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Another Swipe Fee Battle Unfolding

by Bill Hardekopf

Another major dispute on interchange fees could take place, and this one may have new, painful consequences on consumers. This time, the battle centers around the swipe fee that retailers pay on credit card transactions.

According to CNBC, there is an antitrust suit between five million retailers and Visa, MasterCard and 13 large banks, including Citi, Bank of America, Chase, Capital One, U.S. Bancorp and Wells Fargo. Retailers claim that banks and the payment systems have unfairly worked together to increase the amount of the interchange fee retailers pay on credit card transactions.

The amount that each retailer pays as a swipe fee varies widely but the industry average is approximately 2 percent. This antitrust suit could cut that figure by three-quarters down to 0.5 percent. That would be one more devastating revenue blow to the banks as well as Visa and MasterCard, leading to billions of dollars in lost income.

Last year, the Durbin amendment went into effect on October 1, cutting the interchange fee on debit card transactions from an average of 44 cents to no more than 21 cents (plus 0.05 percent of the transaction, with the possibility of an additional cent if banks comply with fraud prevention procedures). Banks tried to make up for this lost revenue by implementing a monthly debit card fee which led to consumer outrage. Banks eventually rescinded this monthly fee.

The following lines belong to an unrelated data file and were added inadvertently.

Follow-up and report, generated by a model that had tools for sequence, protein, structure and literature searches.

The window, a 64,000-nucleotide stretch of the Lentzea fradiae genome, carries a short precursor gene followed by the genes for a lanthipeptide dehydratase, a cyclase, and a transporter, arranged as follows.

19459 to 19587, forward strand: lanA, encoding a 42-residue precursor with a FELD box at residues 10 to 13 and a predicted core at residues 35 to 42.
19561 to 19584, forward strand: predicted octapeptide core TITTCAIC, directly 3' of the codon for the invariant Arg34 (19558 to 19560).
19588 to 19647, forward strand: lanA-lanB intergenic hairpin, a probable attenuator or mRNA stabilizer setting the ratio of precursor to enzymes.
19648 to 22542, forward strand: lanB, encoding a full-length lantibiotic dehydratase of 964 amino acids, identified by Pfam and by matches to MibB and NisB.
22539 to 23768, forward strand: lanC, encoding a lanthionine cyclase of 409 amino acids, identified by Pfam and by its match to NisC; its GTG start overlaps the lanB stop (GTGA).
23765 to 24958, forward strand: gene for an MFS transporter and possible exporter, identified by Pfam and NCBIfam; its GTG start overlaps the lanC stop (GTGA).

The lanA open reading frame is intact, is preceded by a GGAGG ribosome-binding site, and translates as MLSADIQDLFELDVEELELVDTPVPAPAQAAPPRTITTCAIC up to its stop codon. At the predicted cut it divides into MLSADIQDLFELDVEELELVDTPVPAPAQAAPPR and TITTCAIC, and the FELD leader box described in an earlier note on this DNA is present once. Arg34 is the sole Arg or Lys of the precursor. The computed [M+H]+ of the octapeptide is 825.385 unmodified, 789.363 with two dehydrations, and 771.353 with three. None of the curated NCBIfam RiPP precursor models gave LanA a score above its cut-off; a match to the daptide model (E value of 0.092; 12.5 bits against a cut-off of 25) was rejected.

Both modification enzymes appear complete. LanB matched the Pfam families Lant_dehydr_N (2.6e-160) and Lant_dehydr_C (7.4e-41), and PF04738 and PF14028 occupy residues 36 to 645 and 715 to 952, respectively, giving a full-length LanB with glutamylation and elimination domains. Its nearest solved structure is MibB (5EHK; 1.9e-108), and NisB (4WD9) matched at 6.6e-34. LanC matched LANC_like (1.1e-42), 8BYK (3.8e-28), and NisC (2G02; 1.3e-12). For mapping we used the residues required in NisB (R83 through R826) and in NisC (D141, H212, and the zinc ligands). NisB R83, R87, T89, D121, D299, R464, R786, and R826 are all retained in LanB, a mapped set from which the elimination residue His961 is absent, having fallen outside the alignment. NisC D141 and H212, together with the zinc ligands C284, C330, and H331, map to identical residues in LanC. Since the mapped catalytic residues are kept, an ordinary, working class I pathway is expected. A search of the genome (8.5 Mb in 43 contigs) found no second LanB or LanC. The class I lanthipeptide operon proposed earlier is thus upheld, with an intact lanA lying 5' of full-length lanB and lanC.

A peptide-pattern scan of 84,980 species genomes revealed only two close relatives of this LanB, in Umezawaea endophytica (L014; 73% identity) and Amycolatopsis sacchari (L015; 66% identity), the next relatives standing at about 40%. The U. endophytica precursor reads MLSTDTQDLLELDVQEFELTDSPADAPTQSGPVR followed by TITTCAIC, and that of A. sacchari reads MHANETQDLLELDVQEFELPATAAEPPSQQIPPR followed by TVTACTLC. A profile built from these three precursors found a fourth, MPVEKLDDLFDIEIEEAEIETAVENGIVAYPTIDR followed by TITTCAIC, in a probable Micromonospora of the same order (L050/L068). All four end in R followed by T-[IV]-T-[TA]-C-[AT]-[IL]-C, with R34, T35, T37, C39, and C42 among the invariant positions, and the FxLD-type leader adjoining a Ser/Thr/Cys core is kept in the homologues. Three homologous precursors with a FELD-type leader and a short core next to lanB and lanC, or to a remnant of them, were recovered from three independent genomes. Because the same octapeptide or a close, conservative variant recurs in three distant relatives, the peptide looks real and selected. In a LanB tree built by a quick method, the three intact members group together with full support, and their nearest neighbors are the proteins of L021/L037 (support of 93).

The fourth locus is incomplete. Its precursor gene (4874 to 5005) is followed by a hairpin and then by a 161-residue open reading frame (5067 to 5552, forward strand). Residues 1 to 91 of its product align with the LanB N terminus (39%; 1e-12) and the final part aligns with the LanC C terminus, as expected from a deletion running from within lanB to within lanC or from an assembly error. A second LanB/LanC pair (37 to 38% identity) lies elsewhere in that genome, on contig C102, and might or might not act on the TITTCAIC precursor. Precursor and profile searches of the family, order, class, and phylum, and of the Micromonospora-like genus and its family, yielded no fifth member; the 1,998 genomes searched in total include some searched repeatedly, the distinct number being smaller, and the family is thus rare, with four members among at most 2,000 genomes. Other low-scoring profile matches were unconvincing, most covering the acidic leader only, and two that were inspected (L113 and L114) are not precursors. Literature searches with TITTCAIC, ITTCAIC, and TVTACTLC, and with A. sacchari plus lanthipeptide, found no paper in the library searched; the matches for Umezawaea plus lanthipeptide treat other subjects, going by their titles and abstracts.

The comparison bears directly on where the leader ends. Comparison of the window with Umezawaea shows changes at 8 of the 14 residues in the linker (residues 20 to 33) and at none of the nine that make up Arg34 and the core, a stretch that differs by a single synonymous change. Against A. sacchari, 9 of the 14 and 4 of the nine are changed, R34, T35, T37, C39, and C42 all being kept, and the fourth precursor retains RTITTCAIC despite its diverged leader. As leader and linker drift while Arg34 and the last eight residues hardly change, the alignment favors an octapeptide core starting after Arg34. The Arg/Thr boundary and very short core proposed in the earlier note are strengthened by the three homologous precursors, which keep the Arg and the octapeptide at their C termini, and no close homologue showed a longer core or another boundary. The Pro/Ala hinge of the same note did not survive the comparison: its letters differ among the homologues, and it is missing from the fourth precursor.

If the retailers win this antitrust suit, it could have have a significant impact on consumers:

  • Banks will lose billions of dollars at a time when they have already suffered significant cutbacks in revenue. Whenever banks lose revenue in one area, they try to make up for it in another area and that always comes at the expense of the consumer. An increase in existing fees, the introduction of new fees, and an increase in the credit card interest rates are changes that could be pushed by banks.

  • A significant decrease in credit card reward programs. The lucrative cash back and airline mile rewards will likely decline. Most banks eliminated debit card rewards when the Durbin amendment passed. The same could happen with credit card  programs if retailers win this suit.

  • A likely decrease in attractive balance transfer offers. Currently, credit card issuers are offering 0 percent interest rates for extended periods of time in order to lure customers from their competitors. The Citi Platinum Select card offers 0 percent for 21 months; the Discover More card offers 0 percent for 18 months; and the Slate from Chase card offers 0 percent for 12 months with no balance transfer fee. If retailers win this antitrust suit, look for credit card issuers to scale back these balance transfer offers.

  • On the positive side, a possible decrease in prices at store level. Retailers claimed the passage of the Durbin amendment could lead to a decrease in prices since they would no longer have to pay the high swipe fees on debit card transactions. It is difficult to see if this actually took place. However, retailers may face more pressure from consumer groups to cut prices if the interchange fee is also slashed on credit card purchases.

Bill Hardekopf is CEO of LowCards.com, a site that simplifies the confusion of shopping for credit cards. It is a free, independent website that helps consumers easily compare credit cards in a variety of categories such as lowest rates, rewards, rebates, balance transfers and lowest introductory rates. It also gives an unbiased ranking and review for each card.

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